When a scam hits home: St. John’s husband discovers suspicious rental ad for his mother’s house

A series of colorful houses in the center of St.  John's on a clear, sunny day.
While the competition is buzzing about rental housing in St. John’s metro area, potential tenants like Ronnie Gosse encounter rent fraud online. (Luke Wall / CBC)

Ronnie Gosse, a construction demolition manager living in St. John’s, has been looking for an apartment since last Christmas. During this search, he has been staying at his mother’s house in the center of town.

So Gosse was quite surprised when he saw a rental ad online for that particular house.

“She does not have an apartment to rent. She only has a one-bedroom house,” Gosse said. “And I know she’s not renting to anyone.”

Gosse decided to contact the person who posted the ad.

“I took him a little further, just to see what he would say,” Gosse said. “And then immediately he asked me for a deposit on the spot. He said, ‘I can keep it for you today,'” Gosse said.

At this point, Gosse revealed that he knew the rental ad was showing his mother’s house. In response, Gosse said, the person immediately blocked him on Facebook.

Gosse said he called RNC about the ad. An officer said Gosse’s case would be added to an ongoing investigation into rental ads, according to Gosse.

With the current demand for rental housing in the metro area, Gosse fears that more people may be vulnerable to such schemes.

“It’s scary, because you know people who are credible would go ahead and put a deposit down without even seeing or seeing the apartment or the house,” Gosse said.

“They can lose on their money and then have to start over.”

Bid war, rising rents and more

Gosse has been searching high and low for an apartment to call his own. And as a construction supervisor, he has more money to play for than some struggling to find housing; Gosse said he is willing to pay up to $ 1,700 a month for a two-bedroom apartment.

Still, Gosse does not find many rental options in the metro area. And in many cases, he said, he thinks landlords demand too much from potential tenants.

“I know a place was looking for a credit check and I think it’s fine and good,” Gosse said.

A close-up of Ronnie Gosse's face.  He is standing in a room with gray walls and dark blue closets.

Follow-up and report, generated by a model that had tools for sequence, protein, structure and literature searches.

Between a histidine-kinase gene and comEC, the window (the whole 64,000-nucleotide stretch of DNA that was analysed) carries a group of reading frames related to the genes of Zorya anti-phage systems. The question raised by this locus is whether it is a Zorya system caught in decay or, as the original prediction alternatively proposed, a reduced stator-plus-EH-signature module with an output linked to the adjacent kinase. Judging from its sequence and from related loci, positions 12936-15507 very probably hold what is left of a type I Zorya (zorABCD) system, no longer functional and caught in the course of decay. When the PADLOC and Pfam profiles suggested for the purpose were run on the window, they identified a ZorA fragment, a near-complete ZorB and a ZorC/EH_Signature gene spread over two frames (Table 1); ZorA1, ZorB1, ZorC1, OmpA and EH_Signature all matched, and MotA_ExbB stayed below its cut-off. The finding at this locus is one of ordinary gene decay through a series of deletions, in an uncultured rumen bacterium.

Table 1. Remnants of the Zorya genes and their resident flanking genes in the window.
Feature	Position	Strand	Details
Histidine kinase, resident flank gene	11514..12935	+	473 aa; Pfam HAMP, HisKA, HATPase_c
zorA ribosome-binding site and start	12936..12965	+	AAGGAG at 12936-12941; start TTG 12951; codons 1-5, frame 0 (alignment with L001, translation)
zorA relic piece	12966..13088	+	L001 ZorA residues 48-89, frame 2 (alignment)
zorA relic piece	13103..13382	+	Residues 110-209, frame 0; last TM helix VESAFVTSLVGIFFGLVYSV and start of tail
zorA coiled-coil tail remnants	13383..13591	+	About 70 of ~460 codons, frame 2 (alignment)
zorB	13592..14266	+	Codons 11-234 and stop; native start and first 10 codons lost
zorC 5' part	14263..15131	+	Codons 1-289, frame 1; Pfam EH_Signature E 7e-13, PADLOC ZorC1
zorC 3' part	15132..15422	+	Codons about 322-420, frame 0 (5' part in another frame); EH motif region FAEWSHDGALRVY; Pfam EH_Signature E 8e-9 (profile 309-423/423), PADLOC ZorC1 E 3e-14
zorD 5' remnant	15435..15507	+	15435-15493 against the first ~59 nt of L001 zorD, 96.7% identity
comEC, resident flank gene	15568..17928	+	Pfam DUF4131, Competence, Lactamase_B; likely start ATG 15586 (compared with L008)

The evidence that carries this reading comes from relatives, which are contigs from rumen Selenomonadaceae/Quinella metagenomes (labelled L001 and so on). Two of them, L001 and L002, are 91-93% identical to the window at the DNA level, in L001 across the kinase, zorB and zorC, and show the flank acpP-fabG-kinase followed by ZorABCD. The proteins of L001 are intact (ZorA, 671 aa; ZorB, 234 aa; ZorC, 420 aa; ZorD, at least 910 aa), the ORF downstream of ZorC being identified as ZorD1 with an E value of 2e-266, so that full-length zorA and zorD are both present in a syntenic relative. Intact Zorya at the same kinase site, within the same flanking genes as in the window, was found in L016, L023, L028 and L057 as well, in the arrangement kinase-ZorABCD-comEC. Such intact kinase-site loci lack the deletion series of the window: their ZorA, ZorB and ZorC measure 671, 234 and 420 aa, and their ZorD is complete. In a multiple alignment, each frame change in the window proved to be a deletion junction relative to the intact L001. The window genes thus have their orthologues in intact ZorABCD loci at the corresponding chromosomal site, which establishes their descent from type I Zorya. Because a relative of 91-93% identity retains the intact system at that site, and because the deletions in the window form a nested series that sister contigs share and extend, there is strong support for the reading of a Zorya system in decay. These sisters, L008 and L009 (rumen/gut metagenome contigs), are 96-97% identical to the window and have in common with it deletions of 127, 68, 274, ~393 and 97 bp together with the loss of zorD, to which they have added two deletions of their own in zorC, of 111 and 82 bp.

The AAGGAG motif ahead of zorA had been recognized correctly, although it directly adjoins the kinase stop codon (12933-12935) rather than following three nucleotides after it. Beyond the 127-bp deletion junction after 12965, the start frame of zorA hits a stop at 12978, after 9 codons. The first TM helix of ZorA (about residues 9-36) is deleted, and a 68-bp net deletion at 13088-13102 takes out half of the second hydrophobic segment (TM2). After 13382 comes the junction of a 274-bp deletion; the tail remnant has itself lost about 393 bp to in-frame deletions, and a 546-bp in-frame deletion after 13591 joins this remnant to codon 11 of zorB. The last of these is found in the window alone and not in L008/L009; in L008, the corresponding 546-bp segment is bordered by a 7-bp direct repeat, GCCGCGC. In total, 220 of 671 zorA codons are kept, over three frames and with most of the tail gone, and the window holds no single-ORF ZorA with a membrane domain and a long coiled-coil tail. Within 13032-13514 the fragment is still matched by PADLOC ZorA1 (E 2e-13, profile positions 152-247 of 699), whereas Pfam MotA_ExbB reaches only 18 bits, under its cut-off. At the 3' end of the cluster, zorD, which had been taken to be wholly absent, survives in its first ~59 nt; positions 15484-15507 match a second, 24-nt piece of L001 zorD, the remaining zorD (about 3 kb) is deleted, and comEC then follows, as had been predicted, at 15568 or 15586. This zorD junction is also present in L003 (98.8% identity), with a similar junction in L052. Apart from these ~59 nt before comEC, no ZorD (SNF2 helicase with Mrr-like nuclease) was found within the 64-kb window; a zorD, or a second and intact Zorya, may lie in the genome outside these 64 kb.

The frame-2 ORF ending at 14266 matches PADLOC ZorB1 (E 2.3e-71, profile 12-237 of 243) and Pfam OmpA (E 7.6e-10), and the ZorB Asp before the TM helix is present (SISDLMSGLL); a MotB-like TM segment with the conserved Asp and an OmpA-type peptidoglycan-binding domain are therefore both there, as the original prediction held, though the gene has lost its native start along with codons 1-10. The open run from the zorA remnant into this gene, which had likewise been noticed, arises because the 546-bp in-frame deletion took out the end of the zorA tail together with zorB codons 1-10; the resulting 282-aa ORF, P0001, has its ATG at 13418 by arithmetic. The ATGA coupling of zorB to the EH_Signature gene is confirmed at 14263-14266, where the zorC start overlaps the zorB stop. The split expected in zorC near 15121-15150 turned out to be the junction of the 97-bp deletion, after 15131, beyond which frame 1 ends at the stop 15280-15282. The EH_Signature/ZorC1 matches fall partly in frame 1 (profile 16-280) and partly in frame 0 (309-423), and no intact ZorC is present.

Since December last year, Ronnie Gosse has been looking for housing in St. John’s metro area. (Posted by Ronnie Gosse)

“But then they asked me about my CPR number. And you and I both know that the only ones who need your CPR number are the state or your employer for tax purposes,” Gosse said.

Another potential landlord said she would stop by for monthly inspections without giving prior notice, according to Gosse. This is in violation of the Housing Lease Act, which states that landlords must give tenants at least 24 hours written notice before entering rental housing.

Then there is what Gosse calls apartment “bidding war”. He said that in some cases, landlords do not set rental rates in advance. Instead, Gosse said, landlords are asking potential tenants what they would choose to pay.

“I think that’s what’s causing some of the increases in rental prices,” Gosse said, mentioning seeing a “pretty run-down” basement apartment that costs $ 2,000 a month plus utilities.

Fraud, rising rents associated with limited housing supply

Sherwin Flight has run the Newfoundland Tenant and Landlord Support Group on Facebook for nearly a decade. He said the housing situation has become much tougher over the past year – and he said the lack of housing supply is his No. 1 concern.

“No. 2 would probably be affordable,” Flight added. “Affordability has always been an issue for some people. But unfortunately, when the supply of rental units falls, the price of those available tends to rise.”

Sherwin Flight stands in front of a snow bank.  He is wearing a blue baseball cap and a black winter coat.
Sherwin Flight is the administrator of a Facebook group dedicated to renters and landlords. (Ted Dillon / CBC)

Flight said the dwindling supply of rental units is likely to also spur an increase in fraud.

“We see a lot of questions in our group where people say, ‘I saw this ad online, and they want me to send a deposit,'” Flight said.

“It’s always a big red flag if someone wants money before you’ve even seen the place.”

Flight also warned of an increase in rental ads with photos and descriptions from real estate ads. “If that sounds too good to be true, it probably is,” Flight said.

Flight would like to see tougher fines for landlords and tenants who break the rules of the province’s tenancy law. He would also like to see more non-profit and social housing. But in the end, he suggests that this problem could have a fairly simple solution.

“To improve the housing situation, I think we just need more housing,” Flight said. “I really think it’s a supply problem.”

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